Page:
Humphreys has not played since damaging his left shoulder in the closing seconds of the quarter-final victory over Toulouse last month, but he had cause for celebration yesterday. "Not only am I ready to play, but it's blowing a gale here in Belfast," he said. "As long as it stays this way, we'll fancy our chances against the French."
At one stage over the weekend, Ulster were contemplating the loss of their entire first-choice midfield; their two international centres, Jonathan Bell and Mark McCall, were considered even more doubtful than Humphreys.
Yesterday, however, Harry Williams and his coaching colleagues were hopeful that all three would make the big occasion. "I've done very little on the physical front since Toulouse," Humphreys said, "but a game of this magnitude tends to accelerate your recovery.
It should be a wonderful occasion - we've already sold 17,000 tickets for the game and the crowd will be up around 20,000 on the day - and I think we have a genuine chance of victory. We've played some controlled, consistent rugby this season and when you mix that in with a bit of old- fashioned Irishness, you have something quite potent. I'm just relieved I'm going to be a part of it."
Another outside-half, albeit a greybeard by comparison, is also relishing the prospect of an appearance on the big stage. Paul Turner, the Saracens backs coach who turns 40 next month, may play a role in tomorrow night's big London derby with Wasps, thanks to Alain Penaud's continuing "dead leg" problems. Turner was given a run-out from the bench during Sunday's victory over Bedford and, even though Saracens yesterday signed Matt Jones, the London Irish stand-off, on a month's loan, there was every possibility that the former Wales playmaker would remain in the squad.
"I still feel able to do the job, if asked," Turner said yesterday. "I've kept myself fit and spending so much recent time watching from the sidelines has given me a clearer idea of where we're going wrong in certain situations. Anyway, age is no barrier in my book."
Judging by the way Bath have performed these last six weeks or so, they could use one or two old heads in key positions. Understandably, Andy Robinson, their coach, has recalled Martin Haag, one of his longest-serving forwards, to the second row for tonight's important match at Sale. Haag, who has been awarded a testimonial season by the club he joined a decade ago, replaces Nigel Redman, who was badly concussed during the early stages of last Saturday's humiliating defeat at Gloucester.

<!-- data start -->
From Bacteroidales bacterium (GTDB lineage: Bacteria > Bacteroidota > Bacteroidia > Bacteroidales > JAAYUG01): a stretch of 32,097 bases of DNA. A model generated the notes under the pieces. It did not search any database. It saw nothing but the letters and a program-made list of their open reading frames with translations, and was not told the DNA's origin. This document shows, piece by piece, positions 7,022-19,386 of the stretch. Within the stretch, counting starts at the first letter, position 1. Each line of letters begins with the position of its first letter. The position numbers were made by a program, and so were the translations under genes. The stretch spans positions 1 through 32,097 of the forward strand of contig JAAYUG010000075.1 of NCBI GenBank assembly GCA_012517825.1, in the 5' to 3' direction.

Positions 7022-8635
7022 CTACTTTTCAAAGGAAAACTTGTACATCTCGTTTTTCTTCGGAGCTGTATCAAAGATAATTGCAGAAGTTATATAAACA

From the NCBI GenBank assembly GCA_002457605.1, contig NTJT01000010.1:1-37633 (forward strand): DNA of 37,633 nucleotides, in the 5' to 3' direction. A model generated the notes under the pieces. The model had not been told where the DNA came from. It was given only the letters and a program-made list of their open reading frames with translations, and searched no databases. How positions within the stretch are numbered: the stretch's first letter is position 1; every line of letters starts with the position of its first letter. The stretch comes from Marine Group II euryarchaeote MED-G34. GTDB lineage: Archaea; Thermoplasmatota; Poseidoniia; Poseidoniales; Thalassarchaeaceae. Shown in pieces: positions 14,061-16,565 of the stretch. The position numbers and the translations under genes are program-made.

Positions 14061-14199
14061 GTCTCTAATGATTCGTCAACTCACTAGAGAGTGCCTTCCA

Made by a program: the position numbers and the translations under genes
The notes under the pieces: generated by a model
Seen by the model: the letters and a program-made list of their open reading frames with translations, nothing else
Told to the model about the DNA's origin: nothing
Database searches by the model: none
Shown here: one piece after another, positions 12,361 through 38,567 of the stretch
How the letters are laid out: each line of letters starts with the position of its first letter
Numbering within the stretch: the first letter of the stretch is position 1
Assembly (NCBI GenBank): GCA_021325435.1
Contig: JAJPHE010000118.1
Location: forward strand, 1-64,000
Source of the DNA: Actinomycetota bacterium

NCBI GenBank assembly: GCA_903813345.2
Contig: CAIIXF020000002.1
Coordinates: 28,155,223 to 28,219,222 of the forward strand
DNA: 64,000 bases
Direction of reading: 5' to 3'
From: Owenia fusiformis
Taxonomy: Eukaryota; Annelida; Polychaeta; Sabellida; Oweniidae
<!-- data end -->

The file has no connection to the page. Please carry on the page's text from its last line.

Sale are in an almost equally desperate state, although few sides enjoy a comfortable ride against the Heywood Road threequarters. The Cheshire club's latest wing discovery, Steve Hanley, has scored six tries in four Premiership outings and hastened the departure of his England club-mate, Tom Beim, into the bargain. According to the Sale sages, he is an international in waiting. "He can go all the way and he can do it early," said Jim Mallinder, the Sale captain, yesterday. "He is confident, arrogant even, but he's also very level-headed. England have big backs and they have quick backs, but Steve has it all."
Gloucester, who travel to London Scottish in their eternal quest for a decent away victory, bring Dave Sims, the club captain, out of purdah for a rare appearance at lock. Richard Hill, the Cherry and Whites coach, has repeatedly preferred Mark Cornwell to the more experienced England hand of late, but Cornwell twanged a groin muscle during his outstanding performance at Kingsholm on Saturday and sits out the trip to The Stoop.
n Newcastle Falcons' championship-winning captain, Dean Ryan, yesterday left Kingston Park for the Allied Dunbar Premiership Two leaders, Bristol. He said: "It will obviously be a huge wrench to leave Newcastle after so much success over the last three years."Reuse content